Weekend Wrap Up 12.5.15

Happy weekend! Thanksgiving seems a distant memory although it's only been nine days since I stuffed myself with mashed potatoes and apple pie. Christmas trees and lights have certainly stolen the spotlight. Appropriately, my weekend calendar is filled with a number of Christmas parties which friends thought best to throw the first weekend of the month given the holiday mayhem that is about to ensue. What are you up to this weekend? If you need a break from tinsel-ing your tree, check out this week's more interesting medical news. 

Frustrated with your hospital's EHR system? ZDoggMD shares your sentiments in this hilarious video. 

Are 'WiFi' allergies a real thing? Electromagnetic hypersensitivity syndrome is a grab-bag of physical symptoms which some claim are caused by "the cloud". The jury's still out in the scientific community as to if the condition is real or simply a placebo effect. 

Which chemotherapy drug causes the worst 'chemobrain'? Research has an answer. Scientists studied breast cancer survivors rating various medications according to their effect on memory. The conclusion? Patients taking anthracycline-based drugs experienced the most mental cloudiness.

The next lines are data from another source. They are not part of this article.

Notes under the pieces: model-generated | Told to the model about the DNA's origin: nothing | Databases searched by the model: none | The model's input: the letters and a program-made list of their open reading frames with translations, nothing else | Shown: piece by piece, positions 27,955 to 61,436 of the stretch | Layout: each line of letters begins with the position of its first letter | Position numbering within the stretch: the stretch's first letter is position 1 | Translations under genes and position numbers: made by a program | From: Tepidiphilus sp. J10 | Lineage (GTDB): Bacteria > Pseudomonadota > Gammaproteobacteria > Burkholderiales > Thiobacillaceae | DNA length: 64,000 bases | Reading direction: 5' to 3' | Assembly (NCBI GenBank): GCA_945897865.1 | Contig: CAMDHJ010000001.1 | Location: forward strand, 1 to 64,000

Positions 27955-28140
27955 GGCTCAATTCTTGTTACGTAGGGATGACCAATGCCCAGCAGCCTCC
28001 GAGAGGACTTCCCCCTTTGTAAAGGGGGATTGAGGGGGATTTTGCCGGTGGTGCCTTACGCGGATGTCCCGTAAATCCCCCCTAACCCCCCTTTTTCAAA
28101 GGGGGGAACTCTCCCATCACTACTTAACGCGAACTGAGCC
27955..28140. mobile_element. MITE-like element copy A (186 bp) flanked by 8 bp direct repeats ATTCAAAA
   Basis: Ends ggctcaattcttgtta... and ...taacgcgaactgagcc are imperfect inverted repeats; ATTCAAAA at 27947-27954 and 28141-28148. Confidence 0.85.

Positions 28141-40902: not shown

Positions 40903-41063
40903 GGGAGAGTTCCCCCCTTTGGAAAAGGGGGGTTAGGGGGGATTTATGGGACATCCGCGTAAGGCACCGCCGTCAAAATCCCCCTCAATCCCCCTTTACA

For some folks, 'Selfies' are more than meets the eye. Self-taken photos are part of the cure for individuals suffering from Cotard's Dellusion, in which a person believes they are dead. 

4 ways to increase your resilience, according to psychology. 

The number of new diabetes cases in the U.S. is finally declining. Data released by the CDC shows that after a steady annual climb in new cases since the early 1990's, the rate of new cases of diabetes had a statistically significant drop in 2014. 

Work out a lot? Chances are you drink a lot, too. Here's why

This new body strain sensor is made from chewing gum. Researchers made the body sensor using Wrigly's Doublemint coupled with nano tubules. The resulting sensor is able to measure how much it is bent and flexed. Ultimately, scientists plan to use the device to monitor the body's movements and vital signs. 

Minorities get less pain treatment in the E.R. Patients are also less likely to receive adequate pain control if they are over 75 or male, lack private insurance or are treated at a hospital with numerous minority patients. 

You just never know how a uvula will affect your life. 

Have a wonderful weekend!